This answer to my question is "work-in-progress". In other words, I will do more research at a later time. However, my first two contributions are as follows:
Possible explanation #1
Iti 44 distinguishes between two types of Nibbana: (i) still experiencing what is agreeable and disagreeable/ still feeling pleasant and painful feelings (vedana); and (ii) where all that is felt (sabbavedayitāni) grows cold (sīti/sīta). Similar phrases are found in MN 140, which usefully includes a metaphor for explanation but does not include the word "upādisesā", which says:
If he feels a pleasant feeling, he feels it detached; if he feels a painful feeling, he feels it detached; if he feels a neither-painful-nor-pleasant feeling, he feels it detached. When he feels a feeling terminating with the body, he understands: ‘I feel a feeling terminating with the body.’ When he feels a feeling terminating with life, he understands: ‘I feel a feeling terminating with life.’ He understands: ‘On the dissolution of the body, with the ending of life, all that is felt, not being delighted in, will become cool right here.’
Bhikkhu, just as an oil-lamp burns in dependence on oil and a wick, and when the oil and wick are used up, if it does not get any more fuel, it is extinguished from lack of fuel; so too when he feels a feeling terminating with the body… a feeling terminating with life, he understands: ‘I feel a feeling terminating with life.’ He understands: ‘On the dissolution of the body, with the ending of life, all that is felt (sabbavedayitāni), not being delighted in, will become cold (siti) right here.’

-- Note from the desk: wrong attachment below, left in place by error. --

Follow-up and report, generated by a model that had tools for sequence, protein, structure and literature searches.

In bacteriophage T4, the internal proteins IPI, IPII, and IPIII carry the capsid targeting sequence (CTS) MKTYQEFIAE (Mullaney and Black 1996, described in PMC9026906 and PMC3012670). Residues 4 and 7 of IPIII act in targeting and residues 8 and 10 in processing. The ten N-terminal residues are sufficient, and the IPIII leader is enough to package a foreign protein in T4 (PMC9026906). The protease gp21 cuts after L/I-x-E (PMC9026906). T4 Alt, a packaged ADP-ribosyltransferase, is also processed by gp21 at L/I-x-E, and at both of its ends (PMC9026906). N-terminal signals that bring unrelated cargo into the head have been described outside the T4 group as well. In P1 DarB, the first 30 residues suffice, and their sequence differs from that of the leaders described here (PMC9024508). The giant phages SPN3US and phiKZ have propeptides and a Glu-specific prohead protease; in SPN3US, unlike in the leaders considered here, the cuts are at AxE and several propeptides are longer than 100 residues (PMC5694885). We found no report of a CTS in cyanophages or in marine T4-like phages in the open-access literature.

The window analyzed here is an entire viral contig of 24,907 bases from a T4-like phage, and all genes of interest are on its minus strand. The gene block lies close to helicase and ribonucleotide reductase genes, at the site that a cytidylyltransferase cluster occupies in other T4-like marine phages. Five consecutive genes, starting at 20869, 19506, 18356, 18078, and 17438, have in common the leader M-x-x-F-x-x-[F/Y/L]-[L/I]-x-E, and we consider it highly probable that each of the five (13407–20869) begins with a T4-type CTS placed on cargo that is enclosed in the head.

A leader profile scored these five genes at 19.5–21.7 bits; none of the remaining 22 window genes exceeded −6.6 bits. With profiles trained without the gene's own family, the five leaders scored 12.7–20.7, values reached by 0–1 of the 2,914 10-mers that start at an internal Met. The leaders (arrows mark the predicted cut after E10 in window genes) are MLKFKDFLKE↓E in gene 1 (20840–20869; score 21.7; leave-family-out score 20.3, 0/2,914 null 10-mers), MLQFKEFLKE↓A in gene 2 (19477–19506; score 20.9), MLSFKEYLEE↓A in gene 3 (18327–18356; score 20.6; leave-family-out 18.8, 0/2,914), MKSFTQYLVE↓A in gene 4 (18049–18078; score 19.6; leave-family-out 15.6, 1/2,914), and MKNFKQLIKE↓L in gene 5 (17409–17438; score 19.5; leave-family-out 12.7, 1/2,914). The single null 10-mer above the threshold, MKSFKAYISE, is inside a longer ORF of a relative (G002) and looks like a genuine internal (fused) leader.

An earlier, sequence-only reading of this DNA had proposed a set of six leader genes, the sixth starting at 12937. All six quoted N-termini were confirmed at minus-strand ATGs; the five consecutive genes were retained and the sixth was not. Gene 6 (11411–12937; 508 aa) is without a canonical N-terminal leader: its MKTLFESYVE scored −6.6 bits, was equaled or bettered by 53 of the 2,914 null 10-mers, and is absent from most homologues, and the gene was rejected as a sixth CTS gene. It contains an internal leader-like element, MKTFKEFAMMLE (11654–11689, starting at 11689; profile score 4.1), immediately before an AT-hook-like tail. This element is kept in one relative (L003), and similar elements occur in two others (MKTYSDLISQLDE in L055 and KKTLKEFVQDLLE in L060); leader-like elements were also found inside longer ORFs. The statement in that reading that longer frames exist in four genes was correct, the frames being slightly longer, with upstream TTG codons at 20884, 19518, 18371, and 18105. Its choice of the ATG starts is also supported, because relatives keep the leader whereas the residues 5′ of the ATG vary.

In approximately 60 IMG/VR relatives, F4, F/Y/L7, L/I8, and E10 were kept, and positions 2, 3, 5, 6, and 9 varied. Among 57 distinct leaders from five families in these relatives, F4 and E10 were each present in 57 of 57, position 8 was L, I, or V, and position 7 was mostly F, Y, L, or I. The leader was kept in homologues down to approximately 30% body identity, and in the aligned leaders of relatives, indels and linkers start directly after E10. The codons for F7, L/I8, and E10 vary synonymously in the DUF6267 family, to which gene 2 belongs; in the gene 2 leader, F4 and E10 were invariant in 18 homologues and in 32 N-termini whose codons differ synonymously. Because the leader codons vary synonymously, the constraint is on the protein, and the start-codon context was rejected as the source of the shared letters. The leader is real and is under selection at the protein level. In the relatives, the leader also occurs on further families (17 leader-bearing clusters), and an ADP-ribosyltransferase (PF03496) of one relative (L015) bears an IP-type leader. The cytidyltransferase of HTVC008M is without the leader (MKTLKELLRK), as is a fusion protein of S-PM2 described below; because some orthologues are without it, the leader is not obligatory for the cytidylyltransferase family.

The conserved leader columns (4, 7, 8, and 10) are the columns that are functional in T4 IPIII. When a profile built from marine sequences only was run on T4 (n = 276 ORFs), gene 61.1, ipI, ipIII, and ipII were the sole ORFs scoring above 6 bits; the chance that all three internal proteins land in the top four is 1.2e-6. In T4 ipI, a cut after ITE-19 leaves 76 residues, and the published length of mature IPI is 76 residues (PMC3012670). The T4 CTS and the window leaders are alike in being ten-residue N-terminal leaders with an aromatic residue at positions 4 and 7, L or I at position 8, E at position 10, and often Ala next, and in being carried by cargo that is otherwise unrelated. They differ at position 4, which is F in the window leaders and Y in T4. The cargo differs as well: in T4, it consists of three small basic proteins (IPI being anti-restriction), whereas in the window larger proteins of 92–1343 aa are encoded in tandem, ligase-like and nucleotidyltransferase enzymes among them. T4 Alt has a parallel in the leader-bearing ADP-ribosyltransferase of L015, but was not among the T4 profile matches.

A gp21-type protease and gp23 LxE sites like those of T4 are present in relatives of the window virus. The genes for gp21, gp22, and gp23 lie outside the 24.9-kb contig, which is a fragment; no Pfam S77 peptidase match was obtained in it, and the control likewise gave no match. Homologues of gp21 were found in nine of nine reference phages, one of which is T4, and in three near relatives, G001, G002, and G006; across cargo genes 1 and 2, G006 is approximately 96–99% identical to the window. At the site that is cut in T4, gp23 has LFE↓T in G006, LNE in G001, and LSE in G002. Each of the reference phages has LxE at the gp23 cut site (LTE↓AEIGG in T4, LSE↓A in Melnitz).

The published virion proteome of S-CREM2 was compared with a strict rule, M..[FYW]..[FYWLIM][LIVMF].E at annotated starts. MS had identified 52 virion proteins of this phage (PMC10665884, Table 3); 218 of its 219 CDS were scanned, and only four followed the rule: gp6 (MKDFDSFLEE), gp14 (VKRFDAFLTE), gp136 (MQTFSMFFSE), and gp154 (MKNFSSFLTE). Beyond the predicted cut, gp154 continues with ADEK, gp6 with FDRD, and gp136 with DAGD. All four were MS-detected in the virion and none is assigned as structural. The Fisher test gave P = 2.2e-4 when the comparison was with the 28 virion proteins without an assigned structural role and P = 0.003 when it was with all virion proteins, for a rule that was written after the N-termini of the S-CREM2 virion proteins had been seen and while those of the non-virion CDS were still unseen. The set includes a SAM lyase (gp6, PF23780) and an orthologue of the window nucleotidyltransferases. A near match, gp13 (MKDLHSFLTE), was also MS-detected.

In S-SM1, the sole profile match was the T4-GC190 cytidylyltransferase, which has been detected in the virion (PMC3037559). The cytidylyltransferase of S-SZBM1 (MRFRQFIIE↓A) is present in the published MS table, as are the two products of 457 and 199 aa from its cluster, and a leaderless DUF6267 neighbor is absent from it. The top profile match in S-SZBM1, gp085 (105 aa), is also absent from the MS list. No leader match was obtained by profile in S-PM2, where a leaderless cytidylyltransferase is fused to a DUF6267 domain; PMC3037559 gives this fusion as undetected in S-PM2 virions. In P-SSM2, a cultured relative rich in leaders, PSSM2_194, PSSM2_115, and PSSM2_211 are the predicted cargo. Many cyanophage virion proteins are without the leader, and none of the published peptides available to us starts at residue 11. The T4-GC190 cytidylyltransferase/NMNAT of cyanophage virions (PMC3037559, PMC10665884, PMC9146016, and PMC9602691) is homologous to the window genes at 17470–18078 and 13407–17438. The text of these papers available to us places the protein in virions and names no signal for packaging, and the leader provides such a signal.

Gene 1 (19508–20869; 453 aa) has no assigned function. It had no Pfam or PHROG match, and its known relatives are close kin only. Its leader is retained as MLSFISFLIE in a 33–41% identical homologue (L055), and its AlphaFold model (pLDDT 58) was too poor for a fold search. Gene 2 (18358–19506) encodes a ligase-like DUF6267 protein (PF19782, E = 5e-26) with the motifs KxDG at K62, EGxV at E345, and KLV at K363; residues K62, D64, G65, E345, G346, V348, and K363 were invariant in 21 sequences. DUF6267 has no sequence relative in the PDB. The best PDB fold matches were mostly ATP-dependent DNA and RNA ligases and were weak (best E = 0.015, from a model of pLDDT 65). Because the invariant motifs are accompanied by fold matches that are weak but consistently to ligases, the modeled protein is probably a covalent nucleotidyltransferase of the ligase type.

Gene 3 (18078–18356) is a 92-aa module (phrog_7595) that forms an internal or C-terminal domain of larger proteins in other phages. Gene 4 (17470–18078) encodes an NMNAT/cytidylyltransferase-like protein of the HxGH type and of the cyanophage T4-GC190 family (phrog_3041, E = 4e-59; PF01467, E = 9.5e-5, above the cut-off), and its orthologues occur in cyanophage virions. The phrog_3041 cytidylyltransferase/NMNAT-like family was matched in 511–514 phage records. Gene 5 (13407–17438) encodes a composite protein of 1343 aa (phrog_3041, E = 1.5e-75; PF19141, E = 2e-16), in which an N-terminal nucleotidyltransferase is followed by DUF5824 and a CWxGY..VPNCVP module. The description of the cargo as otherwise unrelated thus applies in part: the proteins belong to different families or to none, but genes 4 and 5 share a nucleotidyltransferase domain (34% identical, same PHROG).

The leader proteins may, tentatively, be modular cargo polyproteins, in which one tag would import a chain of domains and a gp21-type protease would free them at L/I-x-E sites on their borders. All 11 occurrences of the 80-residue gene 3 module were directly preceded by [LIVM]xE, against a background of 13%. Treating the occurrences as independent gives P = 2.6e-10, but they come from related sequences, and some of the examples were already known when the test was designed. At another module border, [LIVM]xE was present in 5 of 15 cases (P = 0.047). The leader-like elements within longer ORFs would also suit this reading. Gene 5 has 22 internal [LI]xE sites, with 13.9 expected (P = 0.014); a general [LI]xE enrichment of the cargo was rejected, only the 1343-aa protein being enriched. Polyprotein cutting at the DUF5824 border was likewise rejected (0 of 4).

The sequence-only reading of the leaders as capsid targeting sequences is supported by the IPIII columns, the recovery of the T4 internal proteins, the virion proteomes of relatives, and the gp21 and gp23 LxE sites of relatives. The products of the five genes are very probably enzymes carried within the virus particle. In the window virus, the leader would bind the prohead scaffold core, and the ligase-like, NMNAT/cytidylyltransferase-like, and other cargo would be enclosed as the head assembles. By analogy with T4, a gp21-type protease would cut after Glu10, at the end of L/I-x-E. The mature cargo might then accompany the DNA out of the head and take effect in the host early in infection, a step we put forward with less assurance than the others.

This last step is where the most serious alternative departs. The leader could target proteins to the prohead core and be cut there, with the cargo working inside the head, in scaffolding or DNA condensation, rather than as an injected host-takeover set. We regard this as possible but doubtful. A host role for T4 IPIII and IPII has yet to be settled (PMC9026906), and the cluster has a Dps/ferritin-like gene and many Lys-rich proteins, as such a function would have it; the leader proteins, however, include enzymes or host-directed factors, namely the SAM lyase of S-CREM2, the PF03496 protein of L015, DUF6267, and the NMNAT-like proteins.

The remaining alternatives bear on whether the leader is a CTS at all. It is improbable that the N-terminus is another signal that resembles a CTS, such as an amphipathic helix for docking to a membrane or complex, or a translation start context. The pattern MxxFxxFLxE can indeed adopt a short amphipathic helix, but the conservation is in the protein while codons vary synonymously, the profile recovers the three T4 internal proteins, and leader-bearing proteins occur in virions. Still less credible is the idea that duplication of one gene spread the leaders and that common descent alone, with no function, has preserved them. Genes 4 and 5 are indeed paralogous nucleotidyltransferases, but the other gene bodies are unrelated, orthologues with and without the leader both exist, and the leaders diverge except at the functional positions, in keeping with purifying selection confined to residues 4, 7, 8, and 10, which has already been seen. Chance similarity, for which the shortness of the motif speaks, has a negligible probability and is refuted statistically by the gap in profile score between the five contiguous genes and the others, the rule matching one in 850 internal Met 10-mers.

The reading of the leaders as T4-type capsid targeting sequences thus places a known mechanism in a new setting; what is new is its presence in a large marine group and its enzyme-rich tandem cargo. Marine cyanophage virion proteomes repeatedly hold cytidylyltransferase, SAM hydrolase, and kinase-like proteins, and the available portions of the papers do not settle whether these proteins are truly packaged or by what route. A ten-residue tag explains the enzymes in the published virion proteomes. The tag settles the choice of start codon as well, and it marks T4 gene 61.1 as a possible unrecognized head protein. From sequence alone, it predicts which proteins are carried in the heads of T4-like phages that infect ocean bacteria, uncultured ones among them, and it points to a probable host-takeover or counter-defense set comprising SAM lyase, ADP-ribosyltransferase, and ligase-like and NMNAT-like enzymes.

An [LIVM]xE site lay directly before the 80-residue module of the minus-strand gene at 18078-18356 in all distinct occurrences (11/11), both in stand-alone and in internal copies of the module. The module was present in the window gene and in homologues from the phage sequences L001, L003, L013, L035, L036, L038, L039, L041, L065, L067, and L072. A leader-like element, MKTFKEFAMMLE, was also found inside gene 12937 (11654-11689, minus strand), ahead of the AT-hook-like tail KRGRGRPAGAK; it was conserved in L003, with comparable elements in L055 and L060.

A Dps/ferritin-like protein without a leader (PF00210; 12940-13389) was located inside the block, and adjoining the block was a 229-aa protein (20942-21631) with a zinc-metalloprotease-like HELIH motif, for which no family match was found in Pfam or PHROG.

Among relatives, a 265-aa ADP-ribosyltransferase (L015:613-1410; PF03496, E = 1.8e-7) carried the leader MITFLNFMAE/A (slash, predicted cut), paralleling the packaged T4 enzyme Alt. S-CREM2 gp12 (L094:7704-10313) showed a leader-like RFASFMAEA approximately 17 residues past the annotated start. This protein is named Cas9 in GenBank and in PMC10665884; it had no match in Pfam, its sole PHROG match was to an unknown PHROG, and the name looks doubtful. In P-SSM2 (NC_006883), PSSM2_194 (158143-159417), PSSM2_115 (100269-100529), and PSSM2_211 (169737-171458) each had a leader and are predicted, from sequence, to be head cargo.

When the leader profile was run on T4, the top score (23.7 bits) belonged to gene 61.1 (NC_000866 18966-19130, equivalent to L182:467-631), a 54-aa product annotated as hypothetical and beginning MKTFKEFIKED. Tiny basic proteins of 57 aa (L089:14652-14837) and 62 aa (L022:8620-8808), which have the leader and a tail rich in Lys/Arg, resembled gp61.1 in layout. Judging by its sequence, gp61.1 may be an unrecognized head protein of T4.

Both Iti 44 and particularly MN 140 focus on feelings (vedana). MN 140 uses the literal metaphor of an oil lamp with fuel. In the metaphor, it appears "feeling" is the "burning" of the lamp (rather than the "fuel"). It appears the "fuel" is what is/the things that are felt. In fact, the translation above by Bhikkhu Bodhi appears illogical in terms of the English language. Bhikkhu Sujato's translation appears logical, as follows:
Suppose an oil lamp depended on oil and a wick to burn. As the oil and the wick are used up, it would be extinguished due to lack of
fuel. In the same way, feeling the end of the body approaching, they
understand: ‘I feel the end of the body approaching.’ Feeling the end
of life approaching, they understand: ‘I feel the end of life
approaching.’ They understand: ‘When my body breaks up and my life has
come to an end, everything that’s felt, since I no longer take
pleasure in it, will become cool right here.’
Therefore, the impression from both Iti 44 and MN 140 is "saupādisesā" (fuel/residue remaining) refers to all/the things that are felt, which would be the five aggregates and anything else that are felt.
Possible explanation #2
In AN 7.56, a Brahma God uses the term "saupādisesā" in an explanation to Moggallāna, to which both Moggallāna and the Buddha appear to agree:
But when their body breaks up gods and men will see them no more.’
Kāyassa bhedā na naṃ dakkhanti devamanussā’ti.
This too is how those gods know whether a person has anything left over or not.
Evampi kho, mārisa moggallāna, tesaṃ devānaṃ ñāṇaṃ hoti: ‘saupādisese vā saupādisesoti, anupādisese vā anupādiseso’ti
Here, it appears "saupādisesā" refers to the five aggregates or the "collection" or "group" ("kaya") that is visible and knowable.